In any event, as a cash-strapped teen, my main source of music became the radio, and in the New York metropolitan area, there were three stations broadcasting fairly full schedules of the stuff I wanted to hear. WQXR AM and FM, the “radio stations of the New York Times,” as it was styled back then; WNCN-FM, which lived in its own rarefied universe; and WNYC, which was a Public Broadcasting affiliate, and thus required to add news and public affairs programs to its roster. (WRVR, WKCR, and WFUV sometimes aired classical works, as did Bridgeport’s WJZZ, so don’t complain that I’ve overlooked them.)

And there was a booming yet dulcet voice that issued from the speaker late at night over WQXR, and then on WNCN, and then on WBAI, depending on how fed up any of those stations had grown with Bill Watson. And vice-versa. He was peripatetic. He was opinionated. He was devoted to Walter Gieseking and Jussi Bjoerling, among others, and was inclined to favor their recordings, often in marathon sessions.

Friday, December 17, 2021

Caution (A Legend)

Guest Blogger Dept.: This blog is getting verse – specifically, another poem by P.G. Wodehouse. The creator of Jeeves and Lord Emsworth was also a renowned lyrist in his day, contributing the words to Jerome Kern’s tunes in a series of acclaimed pre-Gershwin musicals. But this predates even that, a tender ditty that creates its own music.


[How many a doctor or architect must own that his professional life consisted of two periods – one in which he was too young to be trusted, the other in which he was too old to be efficient. – Times’s leading article]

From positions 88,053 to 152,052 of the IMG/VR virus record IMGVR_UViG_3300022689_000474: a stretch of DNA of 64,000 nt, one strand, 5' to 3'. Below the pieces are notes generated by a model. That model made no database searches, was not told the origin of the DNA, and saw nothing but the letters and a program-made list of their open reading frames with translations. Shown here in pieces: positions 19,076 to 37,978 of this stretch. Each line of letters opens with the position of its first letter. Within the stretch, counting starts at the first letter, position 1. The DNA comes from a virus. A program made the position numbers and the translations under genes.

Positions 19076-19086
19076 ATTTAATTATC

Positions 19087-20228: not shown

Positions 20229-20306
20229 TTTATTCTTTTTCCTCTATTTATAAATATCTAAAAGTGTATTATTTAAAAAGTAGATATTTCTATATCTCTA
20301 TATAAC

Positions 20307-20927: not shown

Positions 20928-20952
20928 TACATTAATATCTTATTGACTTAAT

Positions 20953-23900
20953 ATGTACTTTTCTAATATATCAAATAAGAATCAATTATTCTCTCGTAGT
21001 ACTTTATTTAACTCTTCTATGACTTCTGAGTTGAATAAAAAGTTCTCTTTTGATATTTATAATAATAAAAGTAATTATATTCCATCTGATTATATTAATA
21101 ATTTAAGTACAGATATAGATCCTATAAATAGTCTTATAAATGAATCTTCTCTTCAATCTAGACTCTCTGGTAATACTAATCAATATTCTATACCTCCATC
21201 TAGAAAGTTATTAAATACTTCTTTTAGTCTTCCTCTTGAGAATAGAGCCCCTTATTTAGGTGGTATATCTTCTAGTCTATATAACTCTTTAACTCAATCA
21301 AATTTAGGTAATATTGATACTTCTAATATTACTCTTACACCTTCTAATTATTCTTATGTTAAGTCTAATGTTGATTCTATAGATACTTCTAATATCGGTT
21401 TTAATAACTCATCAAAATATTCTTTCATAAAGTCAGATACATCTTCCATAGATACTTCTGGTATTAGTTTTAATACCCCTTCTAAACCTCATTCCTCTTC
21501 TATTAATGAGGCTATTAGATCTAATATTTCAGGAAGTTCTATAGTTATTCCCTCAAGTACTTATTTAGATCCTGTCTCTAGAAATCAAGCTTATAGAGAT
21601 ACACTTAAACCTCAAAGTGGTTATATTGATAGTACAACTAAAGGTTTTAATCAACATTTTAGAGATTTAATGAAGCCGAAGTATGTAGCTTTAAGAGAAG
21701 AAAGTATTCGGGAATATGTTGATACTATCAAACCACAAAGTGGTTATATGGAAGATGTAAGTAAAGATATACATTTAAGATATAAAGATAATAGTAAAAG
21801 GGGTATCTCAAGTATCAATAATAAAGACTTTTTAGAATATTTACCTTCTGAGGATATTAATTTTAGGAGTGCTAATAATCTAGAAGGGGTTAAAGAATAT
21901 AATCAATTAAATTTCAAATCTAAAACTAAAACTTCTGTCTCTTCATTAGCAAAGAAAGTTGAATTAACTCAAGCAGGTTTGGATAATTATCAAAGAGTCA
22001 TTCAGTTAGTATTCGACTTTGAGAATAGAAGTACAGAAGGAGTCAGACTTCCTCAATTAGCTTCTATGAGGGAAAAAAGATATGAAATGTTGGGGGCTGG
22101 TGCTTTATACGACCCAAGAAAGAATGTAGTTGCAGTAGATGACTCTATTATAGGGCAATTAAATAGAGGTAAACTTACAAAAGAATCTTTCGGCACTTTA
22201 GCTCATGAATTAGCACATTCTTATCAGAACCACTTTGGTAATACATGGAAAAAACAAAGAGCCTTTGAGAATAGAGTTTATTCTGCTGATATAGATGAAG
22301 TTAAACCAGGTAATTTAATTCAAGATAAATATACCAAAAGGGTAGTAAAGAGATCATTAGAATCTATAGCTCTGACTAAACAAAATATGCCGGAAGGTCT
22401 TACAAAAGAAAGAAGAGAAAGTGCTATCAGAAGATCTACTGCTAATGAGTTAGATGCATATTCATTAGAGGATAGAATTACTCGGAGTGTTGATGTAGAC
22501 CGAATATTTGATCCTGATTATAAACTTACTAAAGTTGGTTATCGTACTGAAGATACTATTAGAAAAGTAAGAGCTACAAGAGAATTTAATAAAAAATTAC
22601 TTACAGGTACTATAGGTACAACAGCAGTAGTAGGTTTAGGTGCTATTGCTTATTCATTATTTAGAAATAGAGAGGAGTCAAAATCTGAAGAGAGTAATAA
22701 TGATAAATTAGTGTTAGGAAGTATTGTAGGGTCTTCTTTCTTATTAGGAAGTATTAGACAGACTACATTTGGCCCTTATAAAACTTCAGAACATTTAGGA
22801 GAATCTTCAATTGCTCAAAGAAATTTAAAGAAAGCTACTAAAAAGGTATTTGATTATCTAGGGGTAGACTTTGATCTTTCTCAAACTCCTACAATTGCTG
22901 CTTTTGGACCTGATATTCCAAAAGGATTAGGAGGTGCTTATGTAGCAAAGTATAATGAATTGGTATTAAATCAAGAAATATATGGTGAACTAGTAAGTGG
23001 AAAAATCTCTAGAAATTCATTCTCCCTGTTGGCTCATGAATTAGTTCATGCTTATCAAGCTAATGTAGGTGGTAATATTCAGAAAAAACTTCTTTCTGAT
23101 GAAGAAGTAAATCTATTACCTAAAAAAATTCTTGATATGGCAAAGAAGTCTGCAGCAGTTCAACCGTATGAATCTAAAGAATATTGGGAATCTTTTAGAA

O, read my melancholy rhyme,
Peruse my mournful ditty,
Two men there dwelt upon a time
Within a certain city.
Both were distinctly men of parts,
Well versed in their respective arts.

To fell diseases of the kind
That everyone who can shuns,
One of this pair had turned his mind,
The other’s forte was mansions.
They were, as you’d no doubt expect,
A doctor and an architect.

The latter, when but twenty-nine,
Planned a Titanic building,
A house of wonderful design,
All marble, stone, and gilding.
Said he: “My fortune’s made, I wis,
Men can’t resist a thing like this.”

Monday, December 13, 2021

Instruments of Control

From the Soapbox Dept.: I suppose it was those first few years of concert-reviewing that inspired the piece below, as I was confronted with the appalling sameness of one classical-music concert after another. Now, twenty-four years later, most of my working days are spent with music in the background. But at least it’s music I chose to semi-listen to.


MUSIC HAS THE CAPACITY of being the least instrusive of the arts. That gives it the potential of being one of the most manipulative. Thanks to decades of proper conditioning – conditioning we’ve undergone since birth – we are no more aware of such manipulation than we are of our breathing. (Until a more obtrusive purpose is required and the political thrust of a hunk of music is made obvious. You know the sound of a protest song: it sounds stirring and is excitingly fun to sing.)

The musical identity of this country has its fussy heart in a generation-to-generation revision of values signified by the evolution of a tangled vine of musical stylings. It began at the beginning of the century, when jazz unseated the dry huffings of a boring crew of classical composers (slaves to a European tradition), and it ended with the end of the folk-song boom of 20 years ago.

Significantly, we’re once again listening to what the Europeans are saying – if we’re listening at all.

Continuity of music is found in celebration; change is fueled by rebellion. More drastic musical change was effected in the United States during this century than anywhere else in the world over any given time period, yet it’s a history so fraught with compartmentalization that a view of any appreciable scope must be sewn together from scattered ingredients.

Friday, December 10, 2021

To a Tee

From the Tech Vault Dept.: The evanescence of technology is such that nothing in the article below has any currency. The company that made those printers is gone, and you’re now able to design a T-shirt and upload the design to a company that will provide the finished product for far less than you’d invest for the products below. We’re going back twenty-five years, after all. (Photos by John Popplewell.)